Differences of opinion
A great deal of debate is expected over whether to set a binding target for the use of renewable energies, while nuclear power is expected to be strongly defended by Jacques Chirac, the French president.
The EU wants to limit the rise in average global temperatures to two degrees celsius above pre-industrial levels and to commit to cut carbon dioxide emissions by 20 per cent by 2020, from 1990 levels.
If other developed and developing nations come on board, the EU has suggested it might offer to cut its emissions by 30 per cent, which green groups say is the minimum needed to achieve the EU goals.
"If Europe is taking the lead, others like the US, China and maybe India will have, in the medium term, no other choice but to join the movement," said Jean-Claude Juncker, Luxembourg's prime minister.
Officials have been in broad agreement over the main targets, but there are differences of opinion on energy sources among the 27 EU countries.
The meeting under Merkel, a former environmental minister, will need to bridge those policy gaps.
Differences in opinion
"Putting nuclear and renewable energy on an equal footing is highly immoral given the risks linked to nuclear power and the unresolved problem of its waste"
deputy president of the EU's greens bloc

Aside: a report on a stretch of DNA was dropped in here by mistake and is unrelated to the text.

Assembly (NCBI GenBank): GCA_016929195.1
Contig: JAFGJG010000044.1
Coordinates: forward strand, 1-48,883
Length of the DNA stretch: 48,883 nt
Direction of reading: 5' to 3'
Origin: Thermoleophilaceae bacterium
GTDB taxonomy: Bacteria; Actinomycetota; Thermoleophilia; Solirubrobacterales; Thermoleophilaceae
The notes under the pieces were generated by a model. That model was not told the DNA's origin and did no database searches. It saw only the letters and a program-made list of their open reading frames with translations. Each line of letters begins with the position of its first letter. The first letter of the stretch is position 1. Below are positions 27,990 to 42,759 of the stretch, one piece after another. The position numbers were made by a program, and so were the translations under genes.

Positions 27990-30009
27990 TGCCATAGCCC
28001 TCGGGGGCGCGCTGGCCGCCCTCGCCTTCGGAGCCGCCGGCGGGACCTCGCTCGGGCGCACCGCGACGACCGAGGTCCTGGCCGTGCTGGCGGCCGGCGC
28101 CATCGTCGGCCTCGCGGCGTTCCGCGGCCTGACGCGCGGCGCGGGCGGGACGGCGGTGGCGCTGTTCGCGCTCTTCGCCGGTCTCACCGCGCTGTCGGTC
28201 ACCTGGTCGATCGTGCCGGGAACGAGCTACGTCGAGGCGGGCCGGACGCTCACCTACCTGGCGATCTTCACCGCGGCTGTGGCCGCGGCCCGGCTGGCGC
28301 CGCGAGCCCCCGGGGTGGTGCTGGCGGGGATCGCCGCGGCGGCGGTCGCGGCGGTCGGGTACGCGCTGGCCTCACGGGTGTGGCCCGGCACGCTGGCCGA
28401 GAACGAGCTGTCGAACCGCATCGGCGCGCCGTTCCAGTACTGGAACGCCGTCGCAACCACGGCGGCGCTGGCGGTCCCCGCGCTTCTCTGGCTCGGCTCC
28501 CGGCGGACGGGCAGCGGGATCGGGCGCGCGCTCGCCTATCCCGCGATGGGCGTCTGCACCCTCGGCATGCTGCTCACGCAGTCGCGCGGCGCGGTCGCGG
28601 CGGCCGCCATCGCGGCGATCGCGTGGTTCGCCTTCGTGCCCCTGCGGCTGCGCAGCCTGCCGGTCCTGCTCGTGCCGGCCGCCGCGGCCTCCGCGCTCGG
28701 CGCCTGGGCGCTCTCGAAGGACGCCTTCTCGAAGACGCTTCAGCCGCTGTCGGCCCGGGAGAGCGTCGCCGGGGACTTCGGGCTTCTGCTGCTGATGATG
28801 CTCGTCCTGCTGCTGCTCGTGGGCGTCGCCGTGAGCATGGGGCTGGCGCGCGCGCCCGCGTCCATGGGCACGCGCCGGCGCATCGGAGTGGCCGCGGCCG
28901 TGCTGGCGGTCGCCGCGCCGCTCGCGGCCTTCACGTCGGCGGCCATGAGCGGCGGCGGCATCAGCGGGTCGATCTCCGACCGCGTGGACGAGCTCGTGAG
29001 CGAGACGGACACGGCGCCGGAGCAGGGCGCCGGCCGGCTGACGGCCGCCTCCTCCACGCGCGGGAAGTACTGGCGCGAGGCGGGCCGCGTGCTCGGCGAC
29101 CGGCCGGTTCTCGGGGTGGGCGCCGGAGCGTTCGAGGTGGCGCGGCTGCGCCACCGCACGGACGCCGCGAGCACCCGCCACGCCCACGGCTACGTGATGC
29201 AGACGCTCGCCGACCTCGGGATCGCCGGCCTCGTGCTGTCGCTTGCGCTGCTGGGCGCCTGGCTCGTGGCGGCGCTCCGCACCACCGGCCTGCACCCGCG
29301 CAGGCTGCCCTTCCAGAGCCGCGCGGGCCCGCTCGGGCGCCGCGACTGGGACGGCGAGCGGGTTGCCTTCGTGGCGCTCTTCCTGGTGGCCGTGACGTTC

Some newer EU members like the Czech Republic, Hungary and Poland depend on carbon-heavy energy fuels like coal and oppose Merkel's plan to set binding targets for renewable energy sources at 20 per cent of the EU's total by 2020.
France, which meets 40 per cent of its energy needs with nuclear power, wants nuclear power considered in a broader quota of low-carbon sources.
But many environmentalists and greens supporters oppose this.
"Putting nuclear and renewable energy on an equal footing is highly immoral given the risks linked to nuclear power and the unresolved problem of its waste," said Claude Turmes, deputy president of the assembly's greens group.
Jose Manuel Barroso, the European Commission president, said the EU should continue to lead the way on climate change, saying: "Are we going to give up our leadership position on this matter or are we going to keep it and benefit as the first mover?"